The object: Southern Tel Aviv's migrant community. The weapon: Tear gas and krav maga training. The inspiration: Rabbi Meir Kahane.
Two months ago MK Michael Ben Ari (National Union) opened an office in the nearby Hatikva neighborhood, and was immediately swamped by southern Tel Aviv residents complaining of the wave of migrants swamping the area.
The residents claim the migrants are violent and often involved in crimes such as theft and even attempted rape. They claim they are living in fear while police stand by.
But Ben Ari had an idea. He was reminded of the Jewish Defense League, which Rabbi Kahane established in the US in the 1960's. The league of vigilantes served as protection for American Jews, and its members were often said to have used violent means to achieve this aim.
The MK decided to appeal to Marzel, who heads the Our Land of Israel organization and was previously a member of the JDL.
The latter took up the cause immediately and decided to establish a local neighborhood watch. He organized lessons in the Israeli martial arts form krav maga, equipped volunteers with tear gas and uniforms, established an emergency phone line and distributed a volunteer list. He also promised the occasional assistance of other right-wing activists, his followers.
The first patrol, which will mobilize some 200 volunteers, is scheduled to take place in the coming days. "We have a lot of ex-soldiers, and unlike the police we will establish order," says Haim, one of the volunteers.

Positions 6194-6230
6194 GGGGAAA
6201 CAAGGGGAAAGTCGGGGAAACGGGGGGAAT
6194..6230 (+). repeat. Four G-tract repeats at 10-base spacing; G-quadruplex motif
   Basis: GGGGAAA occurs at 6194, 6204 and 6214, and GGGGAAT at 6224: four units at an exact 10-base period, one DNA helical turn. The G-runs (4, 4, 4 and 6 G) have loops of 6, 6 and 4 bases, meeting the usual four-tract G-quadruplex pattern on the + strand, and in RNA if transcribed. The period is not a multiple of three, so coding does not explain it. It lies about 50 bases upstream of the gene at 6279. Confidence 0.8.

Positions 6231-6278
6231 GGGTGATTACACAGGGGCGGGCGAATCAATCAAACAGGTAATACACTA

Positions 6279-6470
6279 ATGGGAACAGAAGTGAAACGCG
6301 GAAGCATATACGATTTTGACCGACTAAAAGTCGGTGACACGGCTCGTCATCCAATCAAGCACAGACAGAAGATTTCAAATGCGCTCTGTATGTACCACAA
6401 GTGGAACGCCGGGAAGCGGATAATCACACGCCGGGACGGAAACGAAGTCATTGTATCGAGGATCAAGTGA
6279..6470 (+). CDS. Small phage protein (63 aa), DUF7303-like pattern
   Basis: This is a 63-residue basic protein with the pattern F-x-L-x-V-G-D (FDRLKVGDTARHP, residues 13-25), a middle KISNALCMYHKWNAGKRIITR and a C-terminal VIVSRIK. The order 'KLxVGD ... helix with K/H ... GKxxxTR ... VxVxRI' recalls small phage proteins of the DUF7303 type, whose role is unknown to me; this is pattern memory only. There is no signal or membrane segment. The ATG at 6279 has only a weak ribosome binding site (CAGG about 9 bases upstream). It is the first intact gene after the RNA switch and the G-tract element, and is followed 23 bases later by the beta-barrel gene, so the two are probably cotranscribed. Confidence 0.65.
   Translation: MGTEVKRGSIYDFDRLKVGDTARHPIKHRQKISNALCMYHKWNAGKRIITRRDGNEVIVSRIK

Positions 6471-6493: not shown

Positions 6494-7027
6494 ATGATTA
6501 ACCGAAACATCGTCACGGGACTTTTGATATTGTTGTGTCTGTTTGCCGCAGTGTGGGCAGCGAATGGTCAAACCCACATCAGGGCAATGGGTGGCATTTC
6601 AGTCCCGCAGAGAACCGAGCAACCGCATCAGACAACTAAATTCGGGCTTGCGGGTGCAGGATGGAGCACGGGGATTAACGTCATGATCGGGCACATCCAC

In addition to the means at their disposal, the volunteers also plan to make use of citizens' arrests in order to detain those caught committing a crime until police arrive. "If needed, we will use reasonable and minimal force," Haim explains.
"We don't want fistfights, but rather to make migrants despair of being here. We will show up with 20 people, knock on their doors, and make it clear that we want them to leave," says Meir Turjeman, a member of the Hatikva neighborhood committee.
In addition to southern Tel Aviv, Marzel plans to establish units in other cities with large migrant populations, such as Eilat and Arad – "any city in which there is a need", he explains.
Members of neighborhood watch team (Photo: Tzvika Tishler)
'Provocateurs igniting area'
"We are living in fear," says Suzy, a resident of Kiryat Shalom. "In the past month alone there have been more than 20 break-ins and many attacks – so as a last resort we are taking matters into our own hands."
But police are less enthusiastic. "This is a group of provocateurs with the sole aim of igniting the area," said a police officer familiar with the matter.
But Marzel believes the "rules of the game" are changing. "Those who should be afraid are the infiltrators," he says. "Anywhere in Israel where people are afraid – of migrants or Arabs – will know that there are people to rely on for security. As a former member of the Jewish Defense League I can say that the passion here is reminiscent of what was there, and even more."
The volunteers' slogan – "those who believe do not fear" – hints at their proximity to the ideology of Kahane's Kach movement, which enjoyed great success in the '80s.
"With this shirt I am not afraid," says Suzy. "Now I have the strong support of the watch and Baruch Marzel, and his political views do not interest me in the least."
Lev Melayev, also a member of the team, tries to explain his fears as well. "My friend, a soldier in basic training, went to the central bus station this week and on the way saw an Arab and a Sudanese man who cursed him off and yelled, 'Hey Jew, come over here'," he recounted.
"The Arab tried to take his phone and when he objected pulled a knife out and stabbed him. He has a cut on the side of his stomach and only a miracle saved him from being stabbed in the heart."
Karin Galili, whose mother was killed by a drunken migrant, also expressed her frustration. "Lives are destroyed every day here, and we will do everything we can to stop it," she says.
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